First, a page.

Su Ba wrote:
How much lawn/ grass do you have? Growing sheep can really eat a lot of they are eating just lawn. They prefer to eat a lot of forbs, which lawns won't give them. Suburban lawns aren't normally good sheep pastures. Thus you may have issues with bloating and other eating disorders due to lack of long staple fiber. Free choice hay will help prevent this. Have a back up plan if you run low on grass. Since you plan to eat them, you really don't want them losing weight at slaughter time.
Watch which pellets you offer them. Avoid everything with copper, including mineral supplements or salt licks with copper. Go with a sheep approved pellet. Or use a whole grain. Be careful how much grain they eat per day. Grain and pellets change the rumen chemistry which can lead to several types of metabolic problems.
Take the time to train them to the a Premier 1 fencing. With no prior experience with it, they can quickly become entangled. Sheep tend to jump forward when startled, either running through the fence or getting caught up in it. I've never lost any sheep to this fencing, but I've had friends who came home to find a dead sheep tangled up in the fence. By the way, I use Premier 1 fence to mob graze my flock, and I love the stuff. But it did take time to get the dumber ewes safely conditioned to the fence.
Travis Johnson wrote:This is a VERY poor plan. There are toxins from the lawn being mown so many times, so close to the ground, that will harm sheep.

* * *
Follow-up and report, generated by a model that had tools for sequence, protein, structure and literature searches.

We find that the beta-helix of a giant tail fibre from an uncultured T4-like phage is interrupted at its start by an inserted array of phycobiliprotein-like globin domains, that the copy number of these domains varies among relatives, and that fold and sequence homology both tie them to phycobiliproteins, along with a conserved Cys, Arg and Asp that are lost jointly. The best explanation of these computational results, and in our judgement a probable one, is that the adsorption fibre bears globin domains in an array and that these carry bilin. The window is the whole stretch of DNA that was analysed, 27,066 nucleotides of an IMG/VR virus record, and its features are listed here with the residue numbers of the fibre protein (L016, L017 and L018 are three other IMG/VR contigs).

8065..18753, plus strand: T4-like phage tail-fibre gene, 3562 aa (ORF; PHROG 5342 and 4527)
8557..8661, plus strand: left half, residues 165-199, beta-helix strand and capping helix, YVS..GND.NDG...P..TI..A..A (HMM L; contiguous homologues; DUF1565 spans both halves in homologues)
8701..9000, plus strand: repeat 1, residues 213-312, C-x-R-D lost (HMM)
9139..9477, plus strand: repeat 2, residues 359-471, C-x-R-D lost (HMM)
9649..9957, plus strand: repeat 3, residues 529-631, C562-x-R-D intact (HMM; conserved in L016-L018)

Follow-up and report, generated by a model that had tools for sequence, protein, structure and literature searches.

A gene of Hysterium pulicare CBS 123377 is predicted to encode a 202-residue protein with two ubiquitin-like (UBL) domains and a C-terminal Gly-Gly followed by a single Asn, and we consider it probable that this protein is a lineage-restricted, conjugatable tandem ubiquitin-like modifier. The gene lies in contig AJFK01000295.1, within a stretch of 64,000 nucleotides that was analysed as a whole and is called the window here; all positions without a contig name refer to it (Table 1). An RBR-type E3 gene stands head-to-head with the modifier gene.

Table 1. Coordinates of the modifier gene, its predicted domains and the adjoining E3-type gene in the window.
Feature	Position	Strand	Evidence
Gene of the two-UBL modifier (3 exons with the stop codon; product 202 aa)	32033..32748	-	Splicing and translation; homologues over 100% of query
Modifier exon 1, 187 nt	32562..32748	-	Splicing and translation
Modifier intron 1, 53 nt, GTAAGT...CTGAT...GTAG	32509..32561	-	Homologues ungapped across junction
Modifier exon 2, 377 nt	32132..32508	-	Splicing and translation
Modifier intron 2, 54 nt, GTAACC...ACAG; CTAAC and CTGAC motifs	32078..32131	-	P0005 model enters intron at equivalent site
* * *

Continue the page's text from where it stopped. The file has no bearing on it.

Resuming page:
Buying from a livestock auction is also a very poor idea, and the prices seem rather high.
Surely you can make sheep friends on Facebook Groups, or other online places nearby, and buy your sheep from a reputable farm instead. I waited 10 months to find the right flock of sheep, but was glad I did.
Terri Pine wrote:Finished on grain or pellets? Pellets work better, but I don't know what's in them.
Make sure you have good, fast-growing graze at least when the lambs first show up. They sometimes take a while to get used to your forage mix, and you don't want them to get skinny while figuring it out.
Travis Johnson wrote:Oh...one more important point.
I mentioned fencing...NOT NEEDED!
Cows cannot chew through rope, so on many of my cows, before I got fencing for my sheep, I would just tether them out.
I made a metal plate that had to plates welded to it at angles, then a eye pad that swiveled at the top. I would just bury this metal plate in a shallow hole, attach a 50 foot rope to it, and then to the cow. As it neared the end of the rope, it would pull on the metal plate causing it to dig harder into the ground, yet the swivel kept the cow from winding up its rope. I never had any problems, and as the cow grazed down all the grass. I would just dig a new hole, bury the plate, and then have him graze that down. I had to move it every week, but that was not so bad. Just be sure to place the water bucket where the cow can drink, yet not within the circle so it would ensnare the rope. It will likely knock it over anyway.
A welding shop could make the swiveling deadman for about $20.
In the end it would be very cheap to graze a single cow. Just be sue to always check on the cow once per day for water needs, and amount of feed it is grazing on.
elle sagenev wrote:I never noticed my turkeys guarding. Now they do love to run over to things, whatever that thing would be. So I can see them running over to some other bird eating scraps. I watched my turkeys step on the chickens. Like not on purpose but turkeys get BIG ya know. Never had disease problems either having a mixed flock.